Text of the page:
Obtaining appropriate data remains one of the core challenges in addressing fuel poverty. The development of national targets for eradicating fuel poverty and reducing carbon emissions, along with centrally funded and directed programmes targeting fuel poor households and tackling substandard properties, has generated a demand for a robust but user-friendly evidence base from which those responsible for the delivery of schemes can develop their plans. In addition, in order for national government, the energy sector and researchers to review progress, a common system of measurement is needed to monitor the relative performance of different areas. The complexity of the issues and the scientific considerations involved, however, require a sophisticated method that accounts for a number of variables and can employ data to project future outcomes in order that informed decisions can be made about where resources may be best targeted.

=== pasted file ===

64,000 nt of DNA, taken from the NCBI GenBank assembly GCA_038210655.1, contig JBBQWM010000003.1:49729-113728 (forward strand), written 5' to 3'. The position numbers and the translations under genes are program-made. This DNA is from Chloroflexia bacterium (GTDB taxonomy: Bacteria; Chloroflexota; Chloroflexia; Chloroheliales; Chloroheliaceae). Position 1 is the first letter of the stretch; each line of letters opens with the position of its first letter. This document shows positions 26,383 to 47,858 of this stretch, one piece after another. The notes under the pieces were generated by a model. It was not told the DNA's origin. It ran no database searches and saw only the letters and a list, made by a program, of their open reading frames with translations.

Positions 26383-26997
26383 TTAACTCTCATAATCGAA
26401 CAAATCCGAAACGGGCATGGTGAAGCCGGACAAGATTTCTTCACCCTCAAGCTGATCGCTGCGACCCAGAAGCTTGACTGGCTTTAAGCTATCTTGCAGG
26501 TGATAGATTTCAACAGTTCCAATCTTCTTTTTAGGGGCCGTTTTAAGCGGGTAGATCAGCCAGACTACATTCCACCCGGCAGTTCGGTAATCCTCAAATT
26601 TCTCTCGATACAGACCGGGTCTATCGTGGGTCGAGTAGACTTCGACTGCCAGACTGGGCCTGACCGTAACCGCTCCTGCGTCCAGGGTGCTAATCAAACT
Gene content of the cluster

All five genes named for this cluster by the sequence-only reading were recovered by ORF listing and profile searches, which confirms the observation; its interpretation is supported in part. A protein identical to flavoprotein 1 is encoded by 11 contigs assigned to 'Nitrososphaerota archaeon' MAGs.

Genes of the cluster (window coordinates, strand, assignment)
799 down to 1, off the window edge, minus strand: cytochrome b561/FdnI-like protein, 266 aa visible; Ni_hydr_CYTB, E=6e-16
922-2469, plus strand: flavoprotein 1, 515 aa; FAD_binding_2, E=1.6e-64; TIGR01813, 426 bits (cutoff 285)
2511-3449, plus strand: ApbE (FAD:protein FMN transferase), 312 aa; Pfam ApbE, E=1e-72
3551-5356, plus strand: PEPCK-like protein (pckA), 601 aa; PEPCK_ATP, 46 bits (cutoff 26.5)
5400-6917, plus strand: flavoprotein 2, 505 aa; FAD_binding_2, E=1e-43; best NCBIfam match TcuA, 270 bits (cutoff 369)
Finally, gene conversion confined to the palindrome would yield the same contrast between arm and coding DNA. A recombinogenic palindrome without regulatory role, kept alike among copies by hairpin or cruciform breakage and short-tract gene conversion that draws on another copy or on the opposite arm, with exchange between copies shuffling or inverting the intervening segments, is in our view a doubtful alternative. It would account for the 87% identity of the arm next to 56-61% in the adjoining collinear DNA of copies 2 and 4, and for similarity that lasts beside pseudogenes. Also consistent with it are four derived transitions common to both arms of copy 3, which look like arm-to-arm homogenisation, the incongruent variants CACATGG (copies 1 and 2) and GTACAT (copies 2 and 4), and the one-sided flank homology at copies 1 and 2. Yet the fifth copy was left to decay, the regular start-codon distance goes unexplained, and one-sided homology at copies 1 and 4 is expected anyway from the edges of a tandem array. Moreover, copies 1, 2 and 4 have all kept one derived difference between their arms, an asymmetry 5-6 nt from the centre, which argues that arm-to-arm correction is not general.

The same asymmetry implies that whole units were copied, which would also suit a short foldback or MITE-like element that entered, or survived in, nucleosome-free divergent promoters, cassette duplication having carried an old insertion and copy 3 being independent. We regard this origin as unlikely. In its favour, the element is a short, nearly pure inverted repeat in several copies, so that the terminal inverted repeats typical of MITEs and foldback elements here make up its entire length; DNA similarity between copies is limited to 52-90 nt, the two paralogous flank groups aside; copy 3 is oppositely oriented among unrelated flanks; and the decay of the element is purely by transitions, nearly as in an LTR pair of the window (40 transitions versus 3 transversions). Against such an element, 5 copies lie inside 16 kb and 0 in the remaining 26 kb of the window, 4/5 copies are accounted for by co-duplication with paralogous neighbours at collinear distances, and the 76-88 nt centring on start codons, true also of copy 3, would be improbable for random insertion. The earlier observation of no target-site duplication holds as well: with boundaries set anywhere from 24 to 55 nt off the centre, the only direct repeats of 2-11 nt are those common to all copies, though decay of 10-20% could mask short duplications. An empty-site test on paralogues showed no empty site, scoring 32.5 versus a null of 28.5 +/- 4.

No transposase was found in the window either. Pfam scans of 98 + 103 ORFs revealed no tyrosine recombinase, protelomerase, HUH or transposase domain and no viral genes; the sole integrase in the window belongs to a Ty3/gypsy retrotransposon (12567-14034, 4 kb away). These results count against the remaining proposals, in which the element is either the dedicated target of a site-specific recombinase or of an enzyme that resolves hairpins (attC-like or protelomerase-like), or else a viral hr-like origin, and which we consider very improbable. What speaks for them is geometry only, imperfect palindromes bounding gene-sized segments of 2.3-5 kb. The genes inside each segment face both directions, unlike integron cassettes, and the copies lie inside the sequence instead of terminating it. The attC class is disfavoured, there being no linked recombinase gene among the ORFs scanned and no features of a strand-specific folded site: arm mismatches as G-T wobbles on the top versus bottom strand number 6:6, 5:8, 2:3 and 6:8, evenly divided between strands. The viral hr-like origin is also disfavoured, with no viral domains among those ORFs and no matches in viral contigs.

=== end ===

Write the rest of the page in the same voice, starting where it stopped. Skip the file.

Key research Question
The development of the Housing Energy and Fuel Poverty Assessment Tool (HEAT) aimed to produce a software tool that would enable housing and fuel poverty practitioners across the UK to use widely available datasets to model levels of fuel poverty on a regional and national basis and calculate the statistical impacts on factors such as CO2 reductions, bill savings, and Standard Assessment Procedure ratings in different energy efficiency scenarios (retrofit) with a view to identifying the optimum measures to use.
Summary of activity
The HEAT tool was designed to model outputs on the basis of statistical inputs from English, Welsh or Scottish housing stock databases and incorporated learning from earlier calculators such as the Fuel Prices Model and the Energy Improvement Model.
(Please note that the tool is no longer available)